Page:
The special needs and disabilities (SEND) crisis today is long in the making. It pertains to practice quality issues, sufficiency of provision, timeliness, and critically, a shortfall in funding. The financial crisis is a reflection of the historical inequity of allocations within the high needs blocks of councils’ Dedicated Schools Grant (DSG), increased complexity of need, scarcity pricing and rising demand. According to the Local Government Association, the national funding gap will be between £1.2bn and £1.6bn by 2021 and whilst the additional £780m announced recently is welcome, it’s akin to using a sticking plaster to cover a gaping wound.
The unintended consequences of the reforms, juxtaposed to statutory accounting convention are beginning to impact on the viability of many councils across the country, as rising deficits in DSG must be adequately covered by reserves to meet auditors’ requirements. This is manifesting itself in councils making deeper cuts in their General Funds, qualification of statutory accounts in some authorities, and left unchecked, there will be an increased risk of section 151 officers having to contemplate the dreaded S114 notice.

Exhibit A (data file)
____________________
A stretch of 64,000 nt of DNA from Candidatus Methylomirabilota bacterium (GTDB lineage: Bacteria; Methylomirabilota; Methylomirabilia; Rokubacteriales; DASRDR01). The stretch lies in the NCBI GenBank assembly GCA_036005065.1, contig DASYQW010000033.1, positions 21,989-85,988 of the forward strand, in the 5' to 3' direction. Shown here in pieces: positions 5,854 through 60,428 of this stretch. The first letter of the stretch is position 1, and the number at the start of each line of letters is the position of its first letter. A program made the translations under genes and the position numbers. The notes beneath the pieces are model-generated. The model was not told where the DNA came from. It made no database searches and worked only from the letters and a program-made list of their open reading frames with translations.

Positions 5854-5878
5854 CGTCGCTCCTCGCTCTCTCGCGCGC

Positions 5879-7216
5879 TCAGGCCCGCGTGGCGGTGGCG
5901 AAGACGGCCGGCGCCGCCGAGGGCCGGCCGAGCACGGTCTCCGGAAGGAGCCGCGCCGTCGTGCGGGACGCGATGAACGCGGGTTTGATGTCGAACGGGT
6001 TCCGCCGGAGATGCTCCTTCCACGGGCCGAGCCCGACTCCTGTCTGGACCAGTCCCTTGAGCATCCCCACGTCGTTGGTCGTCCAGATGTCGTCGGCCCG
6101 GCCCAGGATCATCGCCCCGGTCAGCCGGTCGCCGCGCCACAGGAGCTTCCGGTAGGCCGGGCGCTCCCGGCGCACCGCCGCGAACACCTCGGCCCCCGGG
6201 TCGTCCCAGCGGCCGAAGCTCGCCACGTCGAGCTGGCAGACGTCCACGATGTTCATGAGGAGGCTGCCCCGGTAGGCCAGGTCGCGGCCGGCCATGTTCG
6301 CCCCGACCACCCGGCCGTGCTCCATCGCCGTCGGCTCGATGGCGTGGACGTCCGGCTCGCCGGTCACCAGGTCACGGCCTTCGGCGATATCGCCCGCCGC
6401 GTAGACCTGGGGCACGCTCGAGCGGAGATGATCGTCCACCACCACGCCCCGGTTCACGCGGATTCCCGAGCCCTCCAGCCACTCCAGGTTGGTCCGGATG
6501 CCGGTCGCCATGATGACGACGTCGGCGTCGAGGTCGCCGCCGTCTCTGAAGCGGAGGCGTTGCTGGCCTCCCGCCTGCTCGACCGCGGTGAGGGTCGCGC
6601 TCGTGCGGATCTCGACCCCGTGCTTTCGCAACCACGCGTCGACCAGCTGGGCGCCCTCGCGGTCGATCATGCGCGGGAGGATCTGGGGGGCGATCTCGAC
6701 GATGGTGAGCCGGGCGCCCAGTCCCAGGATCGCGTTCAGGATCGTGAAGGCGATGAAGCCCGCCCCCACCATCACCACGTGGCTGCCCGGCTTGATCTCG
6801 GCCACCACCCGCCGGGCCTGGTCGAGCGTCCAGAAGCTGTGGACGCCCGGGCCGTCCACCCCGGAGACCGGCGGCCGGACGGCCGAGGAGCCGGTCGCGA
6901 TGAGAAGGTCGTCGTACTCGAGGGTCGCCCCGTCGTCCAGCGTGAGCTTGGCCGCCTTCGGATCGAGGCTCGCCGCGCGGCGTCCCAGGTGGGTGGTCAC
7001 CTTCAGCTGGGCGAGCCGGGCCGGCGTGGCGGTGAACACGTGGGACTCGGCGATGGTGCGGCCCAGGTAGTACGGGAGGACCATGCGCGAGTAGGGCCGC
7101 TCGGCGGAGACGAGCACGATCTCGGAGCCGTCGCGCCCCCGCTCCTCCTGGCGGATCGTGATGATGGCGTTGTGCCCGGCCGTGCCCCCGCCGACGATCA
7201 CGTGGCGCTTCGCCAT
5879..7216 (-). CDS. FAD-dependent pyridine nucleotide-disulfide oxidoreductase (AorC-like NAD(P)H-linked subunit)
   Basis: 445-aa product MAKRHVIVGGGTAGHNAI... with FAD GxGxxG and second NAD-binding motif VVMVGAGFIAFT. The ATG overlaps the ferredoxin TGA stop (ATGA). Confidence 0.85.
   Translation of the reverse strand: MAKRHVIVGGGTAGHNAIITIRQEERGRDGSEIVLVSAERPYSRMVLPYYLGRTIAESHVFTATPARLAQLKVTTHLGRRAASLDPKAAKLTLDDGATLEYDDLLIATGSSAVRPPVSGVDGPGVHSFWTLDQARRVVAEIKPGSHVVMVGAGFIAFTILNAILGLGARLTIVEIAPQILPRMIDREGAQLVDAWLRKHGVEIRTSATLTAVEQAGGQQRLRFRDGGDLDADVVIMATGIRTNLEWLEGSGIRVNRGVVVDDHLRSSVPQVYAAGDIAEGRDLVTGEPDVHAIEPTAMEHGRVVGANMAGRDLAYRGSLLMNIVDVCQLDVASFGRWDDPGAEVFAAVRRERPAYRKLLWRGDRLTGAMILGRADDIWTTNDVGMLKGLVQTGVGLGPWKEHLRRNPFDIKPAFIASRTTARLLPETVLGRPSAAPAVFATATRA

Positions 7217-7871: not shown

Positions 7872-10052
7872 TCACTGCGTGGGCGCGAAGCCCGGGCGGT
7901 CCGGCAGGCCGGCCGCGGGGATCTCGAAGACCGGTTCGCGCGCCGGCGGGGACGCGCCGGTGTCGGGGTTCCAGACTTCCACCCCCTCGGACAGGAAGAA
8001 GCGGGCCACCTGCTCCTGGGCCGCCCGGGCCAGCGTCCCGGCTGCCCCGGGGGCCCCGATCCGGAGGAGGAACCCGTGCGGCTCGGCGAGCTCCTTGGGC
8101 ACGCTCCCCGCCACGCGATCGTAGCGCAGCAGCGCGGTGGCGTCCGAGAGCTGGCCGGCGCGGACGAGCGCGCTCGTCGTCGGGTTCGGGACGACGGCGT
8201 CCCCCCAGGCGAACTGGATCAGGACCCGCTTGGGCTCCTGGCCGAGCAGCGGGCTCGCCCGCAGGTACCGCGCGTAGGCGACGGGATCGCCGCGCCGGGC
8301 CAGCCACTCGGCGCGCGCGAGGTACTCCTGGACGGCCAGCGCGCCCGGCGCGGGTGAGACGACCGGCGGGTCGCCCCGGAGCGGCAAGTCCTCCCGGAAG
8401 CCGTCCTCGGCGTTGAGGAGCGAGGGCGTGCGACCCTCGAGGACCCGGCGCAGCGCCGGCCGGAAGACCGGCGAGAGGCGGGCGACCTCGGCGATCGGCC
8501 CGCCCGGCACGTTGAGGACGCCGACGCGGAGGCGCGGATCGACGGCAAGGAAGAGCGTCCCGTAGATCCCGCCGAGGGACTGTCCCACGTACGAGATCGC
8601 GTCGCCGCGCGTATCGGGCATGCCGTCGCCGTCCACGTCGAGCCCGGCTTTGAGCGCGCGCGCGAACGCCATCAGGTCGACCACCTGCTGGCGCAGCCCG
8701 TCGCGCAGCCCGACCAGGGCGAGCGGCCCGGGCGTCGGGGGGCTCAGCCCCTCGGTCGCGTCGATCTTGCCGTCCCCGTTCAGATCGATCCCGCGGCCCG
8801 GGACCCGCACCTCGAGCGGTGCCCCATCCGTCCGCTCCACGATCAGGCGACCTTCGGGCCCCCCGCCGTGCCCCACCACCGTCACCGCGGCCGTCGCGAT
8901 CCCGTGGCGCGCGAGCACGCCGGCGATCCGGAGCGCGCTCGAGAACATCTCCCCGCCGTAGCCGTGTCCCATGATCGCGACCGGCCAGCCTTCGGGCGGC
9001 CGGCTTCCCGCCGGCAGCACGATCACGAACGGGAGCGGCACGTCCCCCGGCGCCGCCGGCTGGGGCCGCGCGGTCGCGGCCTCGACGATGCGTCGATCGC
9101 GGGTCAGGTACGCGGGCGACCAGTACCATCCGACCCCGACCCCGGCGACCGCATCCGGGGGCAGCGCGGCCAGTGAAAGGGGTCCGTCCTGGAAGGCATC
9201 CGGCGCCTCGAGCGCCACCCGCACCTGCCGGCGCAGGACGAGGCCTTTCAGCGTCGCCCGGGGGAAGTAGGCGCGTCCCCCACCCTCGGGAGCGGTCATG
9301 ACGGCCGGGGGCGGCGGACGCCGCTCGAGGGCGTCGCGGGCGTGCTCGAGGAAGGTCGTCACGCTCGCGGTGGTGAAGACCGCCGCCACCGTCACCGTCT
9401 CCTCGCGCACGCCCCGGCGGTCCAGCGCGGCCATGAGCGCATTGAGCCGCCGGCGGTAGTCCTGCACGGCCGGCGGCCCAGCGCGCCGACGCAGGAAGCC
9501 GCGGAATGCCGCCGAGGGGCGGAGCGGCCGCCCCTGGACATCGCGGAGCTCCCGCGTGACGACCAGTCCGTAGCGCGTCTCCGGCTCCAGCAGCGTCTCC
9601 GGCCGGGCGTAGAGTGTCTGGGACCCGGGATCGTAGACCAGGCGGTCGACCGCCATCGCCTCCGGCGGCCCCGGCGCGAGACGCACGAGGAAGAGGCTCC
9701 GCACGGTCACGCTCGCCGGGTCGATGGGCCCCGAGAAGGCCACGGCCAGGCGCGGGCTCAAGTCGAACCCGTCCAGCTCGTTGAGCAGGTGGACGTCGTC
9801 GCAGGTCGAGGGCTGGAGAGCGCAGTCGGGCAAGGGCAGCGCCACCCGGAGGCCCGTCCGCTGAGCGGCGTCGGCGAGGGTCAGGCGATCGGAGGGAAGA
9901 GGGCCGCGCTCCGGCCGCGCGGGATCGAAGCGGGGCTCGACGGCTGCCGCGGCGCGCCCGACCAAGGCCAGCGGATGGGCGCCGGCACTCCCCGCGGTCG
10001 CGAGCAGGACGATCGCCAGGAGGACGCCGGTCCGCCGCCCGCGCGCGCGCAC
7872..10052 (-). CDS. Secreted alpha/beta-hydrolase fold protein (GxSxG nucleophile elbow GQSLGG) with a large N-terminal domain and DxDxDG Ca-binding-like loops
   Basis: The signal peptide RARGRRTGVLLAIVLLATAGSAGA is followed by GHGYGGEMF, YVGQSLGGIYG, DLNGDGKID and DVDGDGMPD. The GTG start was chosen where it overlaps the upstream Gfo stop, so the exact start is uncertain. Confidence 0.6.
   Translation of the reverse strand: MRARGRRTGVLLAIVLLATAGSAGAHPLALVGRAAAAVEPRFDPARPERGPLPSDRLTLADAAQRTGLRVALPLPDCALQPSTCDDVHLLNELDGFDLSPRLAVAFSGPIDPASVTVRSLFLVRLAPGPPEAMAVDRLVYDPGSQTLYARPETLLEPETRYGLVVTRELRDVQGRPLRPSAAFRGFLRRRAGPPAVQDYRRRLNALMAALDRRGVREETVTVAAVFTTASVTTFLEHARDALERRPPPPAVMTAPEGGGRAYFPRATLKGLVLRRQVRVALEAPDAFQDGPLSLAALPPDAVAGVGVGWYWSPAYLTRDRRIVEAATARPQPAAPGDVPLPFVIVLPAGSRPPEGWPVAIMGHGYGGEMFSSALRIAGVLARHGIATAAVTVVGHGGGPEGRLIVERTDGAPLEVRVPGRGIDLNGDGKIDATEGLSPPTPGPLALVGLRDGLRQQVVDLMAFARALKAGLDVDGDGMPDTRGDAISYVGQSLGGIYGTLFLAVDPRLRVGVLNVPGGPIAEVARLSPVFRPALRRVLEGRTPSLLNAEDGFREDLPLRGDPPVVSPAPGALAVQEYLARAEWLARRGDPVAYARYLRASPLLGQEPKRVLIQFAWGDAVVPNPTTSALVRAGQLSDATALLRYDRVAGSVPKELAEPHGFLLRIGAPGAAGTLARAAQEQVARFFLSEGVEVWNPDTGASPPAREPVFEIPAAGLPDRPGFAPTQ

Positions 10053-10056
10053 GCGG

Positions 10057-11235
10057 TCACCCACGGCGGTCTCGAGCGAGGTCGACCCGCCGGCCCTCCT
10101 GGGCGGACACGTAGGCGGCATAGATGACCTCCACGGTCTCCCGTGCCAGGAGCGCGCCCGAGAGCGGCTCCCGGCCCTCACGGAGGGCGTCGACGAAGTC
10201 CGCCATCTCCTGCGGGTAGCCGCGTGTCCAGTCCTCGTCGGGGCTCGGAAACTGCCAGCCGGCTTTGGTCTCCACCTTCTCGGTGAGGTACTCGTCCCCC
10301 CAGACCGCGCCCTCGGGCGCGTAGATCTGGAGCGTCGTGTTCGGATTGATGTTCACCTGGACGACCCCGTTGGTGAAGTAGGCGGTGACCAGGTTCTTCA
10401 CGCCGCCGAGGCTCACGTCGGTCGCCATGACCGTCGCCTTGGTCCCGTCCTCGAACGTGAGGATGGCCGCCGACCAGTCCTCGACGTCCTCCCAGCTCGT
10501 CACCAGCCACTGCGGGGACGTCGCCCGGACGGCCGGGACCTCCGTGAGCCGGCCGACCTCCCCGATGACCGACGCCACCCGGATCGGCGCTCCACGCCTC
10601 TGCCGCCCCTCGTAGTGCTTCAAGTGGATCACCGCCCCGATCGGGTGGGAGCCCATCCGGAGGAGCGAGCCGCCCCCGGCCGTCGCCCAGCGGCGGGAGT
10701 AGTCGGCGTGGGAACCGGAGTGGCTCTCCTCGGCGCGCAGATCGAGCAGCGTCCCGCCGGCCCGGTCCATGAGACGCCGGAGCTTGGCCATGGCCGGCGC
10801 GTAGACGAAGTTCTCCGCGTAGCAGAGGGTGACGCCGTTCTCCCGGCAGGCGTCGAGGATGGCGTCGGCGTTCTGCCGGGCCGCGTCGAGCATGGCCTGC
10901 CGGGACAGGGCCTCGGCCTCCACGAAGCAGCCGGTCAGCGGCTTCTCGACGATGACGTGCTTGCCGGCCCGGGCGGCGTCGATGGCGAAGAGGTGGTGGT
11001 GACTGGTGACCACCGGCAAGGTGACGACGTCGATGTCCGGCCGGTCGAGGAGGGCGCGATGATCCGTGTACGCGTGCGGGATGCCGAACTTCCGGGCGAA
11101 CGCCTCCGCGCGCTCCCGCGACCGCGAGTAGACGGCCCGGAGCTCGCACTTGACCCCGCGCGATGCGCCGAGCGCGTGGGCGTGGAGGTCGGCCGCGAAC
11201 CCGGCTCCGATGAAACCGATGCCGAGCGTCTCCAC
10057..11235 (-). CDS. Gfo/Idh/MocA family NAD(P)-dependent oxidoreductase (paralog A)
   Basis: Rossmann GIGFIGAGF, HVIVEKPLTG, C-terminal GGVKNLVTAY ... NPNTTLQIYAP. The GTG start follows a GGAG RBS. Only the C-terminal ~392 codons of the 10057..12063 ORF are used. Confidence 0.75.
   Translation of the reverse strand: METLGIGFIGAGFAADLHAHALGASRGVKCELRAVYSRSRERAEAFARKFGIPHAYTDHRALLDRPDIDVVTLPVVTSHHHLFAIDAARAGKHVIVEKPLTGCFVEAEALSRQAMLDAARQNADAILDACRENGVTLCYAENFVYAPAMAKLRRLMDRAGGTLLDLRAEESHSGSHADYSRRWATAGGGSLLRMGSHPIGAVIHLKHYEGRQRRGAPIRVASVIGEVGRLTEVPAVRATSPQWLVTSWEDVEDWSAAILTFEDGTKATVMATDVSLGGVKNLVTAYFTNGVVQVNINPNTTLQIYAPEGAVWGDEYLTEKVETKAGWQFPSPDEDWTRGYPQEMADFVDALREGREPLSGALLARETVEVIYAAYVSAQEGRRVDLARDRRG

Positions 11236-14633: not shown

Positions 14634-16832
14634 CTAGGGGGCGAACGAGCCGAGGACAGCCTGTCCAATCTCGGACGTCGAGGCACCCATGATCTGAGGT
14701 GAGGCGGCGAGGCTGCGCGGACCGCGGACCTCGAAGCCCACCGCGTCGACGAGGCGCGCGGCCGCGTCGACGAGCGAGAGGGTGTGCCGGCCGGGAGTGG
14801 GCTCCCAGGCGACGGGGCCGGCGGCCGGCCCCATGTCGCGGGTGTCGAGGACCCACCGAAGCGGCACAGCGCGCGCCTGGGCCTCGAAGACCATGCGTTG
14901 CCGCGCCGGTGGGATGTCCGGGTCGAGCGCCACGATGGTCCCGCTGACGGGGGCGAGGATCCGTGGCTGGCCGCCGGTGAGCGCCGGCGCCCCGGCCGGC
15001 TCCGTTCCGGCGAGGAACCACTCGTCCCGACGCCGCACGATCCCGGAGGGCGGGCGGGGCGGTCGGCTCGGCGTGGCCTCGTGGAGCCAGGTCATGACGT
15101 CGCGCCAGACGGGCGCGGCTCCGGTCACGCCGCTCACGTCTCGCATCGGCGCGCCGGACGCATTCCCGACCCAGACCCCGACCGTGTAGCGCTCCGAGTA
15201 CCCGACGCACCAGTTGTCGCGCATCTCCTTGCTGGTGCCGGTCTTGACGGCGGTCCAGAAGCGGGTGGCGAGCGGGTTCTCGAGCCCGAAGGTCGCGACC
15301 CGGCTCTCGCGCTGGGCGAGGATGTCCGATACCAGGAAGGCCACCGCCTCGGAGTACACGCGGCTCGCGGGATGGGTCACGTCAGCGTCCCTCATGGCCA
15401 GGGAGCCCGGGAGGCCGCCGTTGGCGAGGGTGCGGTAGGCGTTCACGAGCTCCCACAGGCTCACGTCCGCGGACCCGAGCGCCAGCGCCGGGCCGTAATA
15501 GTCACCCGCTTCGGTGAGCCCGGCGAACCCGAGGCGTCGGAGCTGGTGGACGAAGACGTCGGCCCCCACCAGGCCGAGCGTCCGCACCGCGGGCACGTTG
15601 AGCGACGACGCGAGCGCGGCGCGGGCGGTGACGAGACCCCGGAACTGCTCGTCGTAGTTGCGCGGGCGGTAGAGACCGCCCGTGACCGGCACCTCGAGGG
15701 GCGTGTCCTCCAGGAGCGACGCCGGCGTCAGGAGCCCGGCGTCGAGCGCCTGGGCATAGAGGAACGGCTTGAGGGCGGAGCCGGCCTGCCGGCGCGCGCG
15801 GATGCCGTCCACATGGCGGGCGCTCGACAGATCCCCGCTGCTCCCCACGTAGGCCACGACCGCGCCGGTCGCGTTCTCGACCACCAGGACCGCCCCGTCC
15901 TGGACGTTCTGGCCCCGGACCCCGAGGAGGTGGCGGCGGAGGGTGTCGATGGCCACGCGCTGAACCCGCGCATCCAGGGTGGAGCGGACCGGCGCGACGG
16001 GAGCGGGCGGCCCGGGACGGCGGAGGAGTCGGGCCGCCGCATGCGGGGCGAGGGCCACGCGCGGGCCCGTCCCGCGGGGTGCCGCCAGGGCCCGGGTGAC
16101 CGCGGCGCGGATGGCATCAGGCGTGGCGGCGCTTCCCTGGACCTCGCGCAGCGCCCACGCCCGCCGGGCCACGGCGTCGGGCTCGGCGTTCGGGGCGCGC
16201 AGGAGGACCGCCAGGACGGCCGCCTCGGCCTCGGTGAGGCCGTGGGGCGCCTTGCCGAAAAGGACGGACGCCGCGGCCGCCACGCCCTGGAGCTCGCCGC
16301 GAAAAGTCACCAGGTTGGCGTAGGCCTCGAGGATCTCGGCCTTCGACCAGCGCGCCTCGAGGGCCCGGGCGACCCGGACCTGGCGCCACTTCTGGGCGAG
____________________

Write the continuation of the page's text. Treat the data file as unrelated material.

In Kingston our SEND transformation plan is progressing at pace. Recent analysis confirms our schools are inclusive places, numbers of children with education, health and care plans (EHCPs) are in line with statistical neighbours at 2.9% and due to the creation of an additional 163 places in in-borough mainstream settings, unit costs are starting to fall. 98% of EHCPs are issued within statutory 20 week period, against a national average of 60% (2018) and demand is now augmenting at a slower pace than seen nationally.
Our SEND Partnership Board is focusing on reducing demand through earlier intervention, developing innovative and creative solutions but this will not be sufficient to address the appreciable structural deficit. This is because it takes time to achieve significant savings, as many pupils will be settled in placements for the long term and it’s their outcomes we should all hold paramount.
Given a growing number of LAs experiencing similar challenges, the DfE consultation on revised arrangements for DSG is timely. It’s grossly unfair to place the burden on tax-payers locally for a problem neither they nor their councils created. Either sufficient funding should be made available or balances should be held centrally as opposed to LA balance sheets. With such a financial disparity, Education Select Committee findings and LAs losing nine out of 10 Tribunals, a paradigm shift is what is required and the time for it is now.
Ian Thomas CBE is chief executive of Kingston upon Thames RLBC